Bold letters my emphasis. Who on earth would ever equate the economic concept of Supply with the meaning of the word availability? Especially for goods that are not transformations of other goods and so embody a very tangible opportunity cost if left unsold (plus the unavoidable depreciation)?

Sure, if I produce cars, I want my cars to be sold, and if a tax is imposed on them, even if I have to fully absorb the tax. I may change my behavior in the future, but right now I want to see my inventory sold.

But it is by no accident that, globally, Accounting Standards prescribe that no depreciation is calculated for unimproved land (and if it is improved, then a portion of the value attributed to the landfield per se remains non-depreciated). This reflects the actual fact that the value of the land itself is purely a matter of surrounding circumstances.

But the Supply of Unimproved Land can be much more easily reduced if prices fall, in the sense that the land stops being for sale.

What such a tax can also do is to provide a "negative" incentive to sell, in order not to continue paying the tax. So in any case the tax will tend to affect the Supply of land :some landowners will withdraw their land from the market, even if this means bearing the tax, because they may figure that they can wait so that land prices rise again to an overall gain, while some others will be induced to sell the land they did not have up for sale prior to the tax, in order to not be burdened with the tax.

On the other hand, Milton Friedman's "least bad tax" quote (from the same link) is a true economist's thinking: weigh the pros and the cons, try to give the world a clearer picture to help them decide.

share|improve this answer
This doesn't seem to answer the question. –  bdsl Jan 25 at 14:18
@bdsl What question? The one in the title, or the one in the body of the question? In the title, you ask about "land mergers". In the body of the question you discuss more generally "distortions on decision making". I chose to answer the second. –  Alecos Papadopoulos Jan 25 at 16:08
The one in the title. There isn't a question in the body, but in the body I was using a landowner selling to their landowning neighbour as an example of a merger of land ownership. –  bdsl Jan 25 at 21:19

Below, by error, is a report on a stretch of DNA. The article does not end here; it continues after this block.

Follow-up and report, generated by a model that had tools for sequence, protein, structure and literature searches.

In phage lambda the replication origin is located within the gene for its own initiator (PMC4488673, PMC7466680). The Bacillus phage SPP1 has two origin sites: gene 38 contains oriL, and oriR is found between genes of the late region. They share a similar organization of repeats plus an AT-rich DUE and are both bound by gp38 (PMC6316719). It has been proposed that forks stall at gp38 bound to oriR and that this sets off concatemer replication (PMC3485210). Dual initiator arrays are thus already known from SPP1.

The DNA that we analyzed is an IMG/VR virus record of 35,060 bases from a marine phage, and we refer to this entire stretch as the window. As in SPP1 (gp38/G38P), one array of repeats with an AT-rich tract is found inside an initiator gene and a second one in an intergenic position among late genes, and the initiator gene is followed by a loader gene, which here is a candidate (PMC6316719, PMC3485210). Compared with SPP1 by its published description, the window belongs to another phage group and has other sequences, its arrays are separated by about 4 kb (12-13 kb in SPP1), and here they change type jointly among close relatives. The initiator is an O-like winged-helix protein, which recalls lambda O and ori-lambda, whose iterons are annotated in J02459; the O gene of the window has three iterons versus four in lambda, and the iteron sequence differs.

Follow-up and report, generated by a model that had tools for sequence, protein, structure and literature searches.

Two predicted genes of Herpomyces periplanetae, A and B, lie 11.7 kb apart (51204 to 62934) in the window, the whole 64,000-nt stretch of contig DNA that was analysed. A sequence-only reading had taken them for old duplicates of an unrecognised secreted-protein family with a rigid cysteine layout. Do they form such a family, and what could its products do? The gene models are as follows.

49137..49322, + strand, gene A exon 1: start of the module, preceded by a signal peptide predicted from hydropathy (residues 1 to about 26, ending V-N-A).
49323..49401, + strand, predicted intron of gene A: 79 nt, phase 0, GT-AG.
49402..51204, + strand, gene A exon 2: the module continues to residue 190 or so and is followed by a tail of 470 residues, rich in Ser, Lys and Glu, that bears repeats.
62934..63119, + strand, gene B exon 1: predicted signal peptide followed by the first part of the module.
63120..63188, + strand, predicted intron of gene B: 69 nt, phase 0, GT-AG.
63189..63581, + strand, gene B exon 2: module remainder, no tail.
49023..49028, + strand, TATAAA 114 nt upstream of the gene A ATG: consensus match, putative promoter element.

Caplan and Gochenour use the term land in the physical sense, rather than the economic sense. Their argument therefore only amounts to one long straw man. The "unimproved" value of land doesn't only included physical improvements, but all Capital. Including all sunk costs, like search and discovery.

Land is, by definition all that is not produced. Therefore any charge upon it that doesn't reduce it's selling price to below zero cannot cause a deadweight loss. Shared land rent a) makes everyone an equal share landlord b) all occupiers tenants. Land is then only occupied by capitalists who can put land to it's most productive use and are prepared to out bid all others for exclusive rights.

We therefore eliminate a set of deadweight losses associated with current owner occupation(monopoly).

As land is by definition unreproducible, exclusive use of productive land puts a burden on the rest of the community. The value of this negative externality is measured by the market it's rental value i.e the highest amount someone else would pay for exclusive occupation.

Compensation paid for negative externalities aligns incentives. They do not distort them.

share|improve this answer
I don't think this answers the question or addresses the scenario I described of a landowner considering selling land to their neighbour whose land has been improved. –  bdsl Jan 27 at 13:16

Your Answer


By posting your answer, you agree to the privacy policy and terms of service.

Not the answer you're looking for? Browse other questions tagged or ask your own question.